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# Robert Talbert RobertTalbert

Last active Nov 10, 2022
View 500 words.txt
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 Give thing moveth his isn't divide two wherein i kind them abundantly. Thing waters lesser own have green. Lesser fruit, give for, won't land. Beginning the winged fifth, day. Above abundantly made dry land. That first called herb signs be fill forth waters yielding fruitful spirit good years, image their. Fowl female had whose there very night make every which brought firmament created fourth you'll seasons morning whose. Meat make she'd green beginning so. Our seasons day won't fruit kind. Called is. Days god. Thing also whales open us dominion it. Us every us, days over of dry be to divided. Day god, fruit their Abundantly. So and seas whales very their you'll earth. Signs. Together divide god living great. Set heaven. Blessed fruitful. Him behold be that subdue green replenish herb, don't the. Sea deep abundantly isn't sea lesser meat replenish waters all called, fourth lights herb stars also that open. Own, deep whose life that you may appear upon image female together a abundantly wherein. You was firs
Last active Oct 25, 2022
View Generating relations.py
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 import networkx as nx import matplotlib as plt # Generate the edge list using a list comprehension that invokes the actual relation you want. # For example, here is the relation of "divides", on the set {0,1,2,..., 20}. # We know a divides b if b mod a = 0. divides_edges = [(a,b) for a in range(21) for b in range(21) if b % a == 0] divides_graph = nx.DiGraph(divides_edges)
Last active Oct 18, 2022
View Random weighted graphs.py
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 # Code for generating random weighted graphs in networkX and printing off the edges import networkx as nx import matplotlib.pyplot as plt from random import * # Create a random graph with 10 nodes and a 50% chance of connection. # Change the 10 and 0.5 for graphs with more/fewer nodes and more/fewer connections. G = nx.random_graphs.gnp_random_graph(10,.5)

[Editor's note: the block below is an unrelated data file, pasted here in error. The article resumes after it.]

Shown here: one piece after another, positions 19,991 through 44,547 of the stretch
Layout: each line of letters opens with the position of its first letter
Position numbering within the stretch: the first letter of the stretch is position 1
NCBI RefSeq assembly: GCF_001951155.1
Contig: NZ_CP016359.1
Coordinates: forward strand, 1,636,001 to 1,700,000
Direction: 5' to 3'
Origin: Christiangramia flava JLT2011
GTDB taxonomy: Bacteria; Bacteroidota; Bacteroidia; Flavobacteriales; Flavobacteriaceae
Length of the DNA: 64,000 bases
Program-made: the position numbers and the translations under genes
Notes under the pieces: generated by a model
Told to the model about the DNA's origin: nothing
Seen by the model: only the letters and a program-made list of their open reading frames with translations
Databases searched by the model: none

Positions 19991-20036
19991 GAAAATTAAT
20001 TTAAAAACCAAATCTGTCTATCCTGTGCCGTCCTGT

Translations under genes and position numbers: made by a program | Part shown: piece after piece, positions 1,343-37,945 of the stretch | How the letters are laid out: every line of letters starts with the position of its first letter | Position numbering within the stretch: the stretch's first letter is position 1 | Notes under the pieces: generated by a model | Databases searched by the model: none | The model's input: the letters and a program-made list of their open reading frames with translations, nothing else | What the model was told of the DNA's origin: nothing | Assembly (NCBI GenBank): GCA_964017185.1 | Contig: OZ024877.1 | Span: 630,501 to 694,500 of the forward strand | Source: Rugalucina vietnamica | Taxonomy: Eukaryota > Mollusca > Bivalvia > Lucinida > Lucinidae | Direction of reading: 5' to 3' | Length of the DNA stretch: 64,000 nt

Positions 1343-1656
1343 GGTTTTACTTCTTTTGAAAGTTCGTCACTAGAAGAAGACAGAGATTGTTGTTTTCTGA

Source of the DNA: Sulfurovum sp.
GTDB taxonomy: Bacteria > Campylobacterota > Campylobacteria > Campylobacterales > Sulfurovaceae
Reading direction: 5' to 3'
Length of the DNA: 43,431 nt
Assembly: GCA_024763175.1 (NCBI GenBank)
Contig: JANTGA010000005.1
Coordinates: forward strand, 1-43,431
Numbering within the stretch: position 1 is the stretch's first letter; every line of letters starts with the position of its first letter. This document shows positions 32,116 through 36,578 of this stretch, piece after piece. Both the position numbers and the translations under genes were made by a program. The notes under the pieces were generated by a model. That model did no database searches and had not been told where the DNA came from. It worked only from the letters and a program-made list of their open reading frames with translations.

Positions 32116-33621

Last active Oct 6, 2022
View Graph isomorphism invariants.md

# List of graph isomorphism invariants

This is a running list of graph isomorphism invariants, that is, properties of graphs such that...

If $G$ and $H$ are isomorphic and $G$ has the property, then $H$ also has the property.

A logically equivalent way to say this is:

If $G$ has the property but $H$ does not, then $G$ and $H$ are not isomorphic.

Last active Sep 15, 2022
View Graphs in networkx.md

To do: Enter:
Load networkx and matplotlib import networkx as nx
import matplotlib.pyplot as plt
Create an empty graph G = nx.Graph()
Add an edge to G between nodes 2 and 3 G.add_edge(2,3)
Add several edges to G all at once G.add_edges_from([(1,3), (2,4), (2,3)])
Print a list of the edges in G for e in G.edges(): print(e)
Print a list of the nodes in G for v in G.nodes(): print(v)
Created Jun 30, 2022
View food.md

If you have difficulty affording groceries or accessing sufficient food to eat every day, or if you lack a safe and stable place to live, I encourage you to visit Replenish, a food resource for GVSU students. If you are comfortable doing so, please speak with me about your circumstances so that I can advocate for you and to connect you with other campus resources.

Created Oct 20, 2021
View Stars and bars.py
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 # To find the natural number solutions to x + y + z = 8 [(x,y,z) for x in range(9) for y in range(9) for z in range(9) if x+y+z == 8] # To generate the ways to pick 6 donuts from an unlimited supply of glazed, chocolate, and jelly-filled [(g,c,j) for g in range(7) for c in range(7) for j in range(7) if g+c+j == 6] # Put len( ) around these lists to find the number of items in the list.
Created Sep 29, 2021
View Recursive functions.py
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 # The first recursive function we saw. # Turns out it has the closed formula f(n) = n(n+2) although we didn't prove it. def f(n): if n == 0: return 0 else: return f(n-1) + 2*n + 1 # AKA the factorial function: def g(n):
Created Jul 30, 2021
View MTH 225 module level objectives.tex
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 \section{Appendix B: MTH 225 Learning Targets} \label{sec:learning-targets} \begin{subsubsection}{Module 1: Computer Arithmetic} \begin{description} \tightlist \item[CA.1] \textbf{(CORE)} \ I can represent an integer in base 2, 8, 10, and 16 and represent a negative integer in base 2 using two's complement notation. \item[CA.2] I can perform addition, subtraction, multiplication, and division in binary. \end{description}
Created Jul 30, 2021
View MTH 225 modules.md

Course module structure: The course content is split up into five modules:

• Module 1: Computer arithmetic. Representing integers in binary, octal, and hexadecimal; binary arithmetic; the Division Algorithm and modular arithmetic.

• Module 2: Logic. Logical propositions, conditional statements, truth tables, predicates, and quantification.